By Robin Abcarian, Los Angeles Times –
LOS ANGELES — This just in from the technology-and-politics desk: A cell phone user who takes a pollster’s call is more likely to be a Democrat. A land-line user who takes a pollster’s call is more likely to be a Republican.
Gross generalization? Of course.
But it contains a kernel of truth, and gets at an issue that pollsters have been dealing with for years as more people disconnect land lines in favor of cell phones. In the aggregate, people who answer pollsters’ calls on their land lines tend to be more conservative than people who answer on cell phones.
That makes some sense, given that cell phone technology is newer, and younger people are — again, in general — better adapters.
A tidbit from three new NBC-Marist state polls — which surveyed registered voters in Virginia, Ohio and Florida about the presidential campaign — bears out the tele-generation gap.
In its story about the results, MSNBC’s First Read points out that in the Florida poll, former Massachusetts Gov. Mitt Romney “leads with land-line respondents, 48 percent-45 percent.” President Barack Obama “leads among cell phone respondents, 57-34 percent.”
The numbers were similar in Virginia, though not noted for Ohio. Slightly more than a quarter of those polled answered on their cell phones in all three states.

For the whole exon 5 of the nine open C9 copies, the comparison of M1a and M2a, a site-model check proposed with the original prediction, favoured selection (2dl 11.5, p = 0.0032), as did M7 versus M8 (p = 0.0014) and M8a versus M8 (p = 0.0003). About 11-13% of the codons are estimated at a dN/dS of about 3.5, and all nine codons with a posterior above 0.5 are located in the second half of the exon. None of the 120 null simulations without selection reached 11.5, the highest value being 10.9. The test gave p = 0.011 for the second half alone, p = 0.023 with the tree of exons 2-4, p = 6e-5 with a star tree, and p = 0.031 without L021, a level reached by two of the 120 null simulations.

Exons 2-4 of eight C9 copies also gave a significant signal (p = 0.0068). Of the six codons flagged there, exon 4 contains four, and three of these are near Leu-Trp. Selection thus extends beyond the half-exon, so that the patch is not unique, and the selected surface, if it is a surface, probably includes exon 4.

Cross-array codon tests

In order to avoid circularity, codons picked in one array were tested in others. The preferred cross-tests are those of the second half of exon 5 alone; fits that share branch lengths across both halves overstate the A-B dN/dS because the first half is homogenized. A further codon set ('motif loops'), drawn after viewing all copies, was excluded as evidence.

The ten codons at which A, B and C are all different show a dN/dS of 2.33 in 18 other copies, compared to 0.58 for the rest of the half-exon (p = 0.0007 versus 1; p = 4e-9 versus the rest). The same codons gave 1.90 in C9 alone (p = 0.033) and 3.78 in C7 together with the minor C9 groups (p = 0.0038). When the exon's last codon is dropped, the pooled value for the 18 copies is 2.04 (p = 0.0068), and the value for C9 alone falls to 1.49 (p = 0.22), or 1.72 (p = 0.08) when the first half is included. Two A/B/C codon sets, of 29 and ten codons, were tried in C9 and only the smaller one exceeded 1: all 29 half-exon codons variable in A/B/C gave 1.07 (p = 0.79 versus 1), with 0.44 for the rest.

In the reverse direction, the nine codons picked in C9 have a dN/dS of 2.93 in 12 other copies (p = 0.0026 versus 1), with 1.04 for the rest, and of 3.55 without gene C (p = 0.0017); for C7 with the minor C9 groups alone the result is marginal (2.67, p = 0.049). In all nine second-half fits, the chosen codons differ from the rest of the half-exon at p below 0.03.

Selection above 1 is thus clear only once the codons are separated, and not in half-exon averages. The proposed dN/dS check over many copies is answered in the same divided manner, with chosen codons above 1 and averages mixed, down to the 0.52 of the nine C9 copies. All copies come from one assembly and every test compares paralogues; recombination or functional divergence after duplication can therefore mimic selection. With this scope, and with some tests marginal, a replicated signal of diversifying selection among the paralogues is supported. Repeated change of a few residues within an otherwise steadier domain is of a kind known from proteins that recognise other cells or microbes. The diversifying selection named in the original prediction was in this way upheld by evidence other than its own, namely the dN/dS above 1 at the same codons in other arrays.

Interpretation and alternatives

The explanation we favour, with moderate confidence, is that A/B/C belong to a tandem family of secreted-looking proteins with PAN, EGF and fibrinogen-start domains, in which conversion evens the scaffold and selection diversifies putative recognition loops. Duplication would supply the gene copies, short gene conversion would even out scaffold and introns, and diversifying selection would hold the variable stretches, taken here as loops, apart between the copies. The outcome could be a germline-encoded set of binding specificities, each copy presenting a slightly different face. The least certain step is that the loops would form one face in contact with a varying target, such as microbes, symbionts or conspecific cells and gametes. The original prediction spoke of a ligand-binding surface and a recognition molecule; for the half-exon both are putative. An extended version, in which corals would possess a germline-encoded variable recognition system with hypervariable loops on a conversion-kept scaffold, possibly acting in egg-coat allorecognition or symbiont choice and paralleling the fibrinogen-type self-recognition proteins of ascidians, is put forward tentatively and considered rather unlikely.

It’s hard to know whether this means anything to the campaigns, whose own sophisticated polling operations surely take into account these kinds of differences. “We don’t usually remark on any given poll,” said Obama campaign spokeswoman Katie Hogan. The Romney campaign did not respond to a request for comment.
It’s the oft-maligned polling profession that is struggling to adjust.
For a discussion of some of the challenges facing pollsters, the Pew Research Center investigated the cell phone-versus-land-line issue in 2010.
Pew reported that “the number of Americans who rely solely or mostly on a cell phone has been growing for several years, posing an increasing likelihood that public opinion polls conducted only by land-line telephone will be biased.”
Pew’s analysis of pre-election surveys that year found that “support for Republican candidates was significantly higher in samples based only on land lines than in … samples that combined land-line and cell phone interviews.”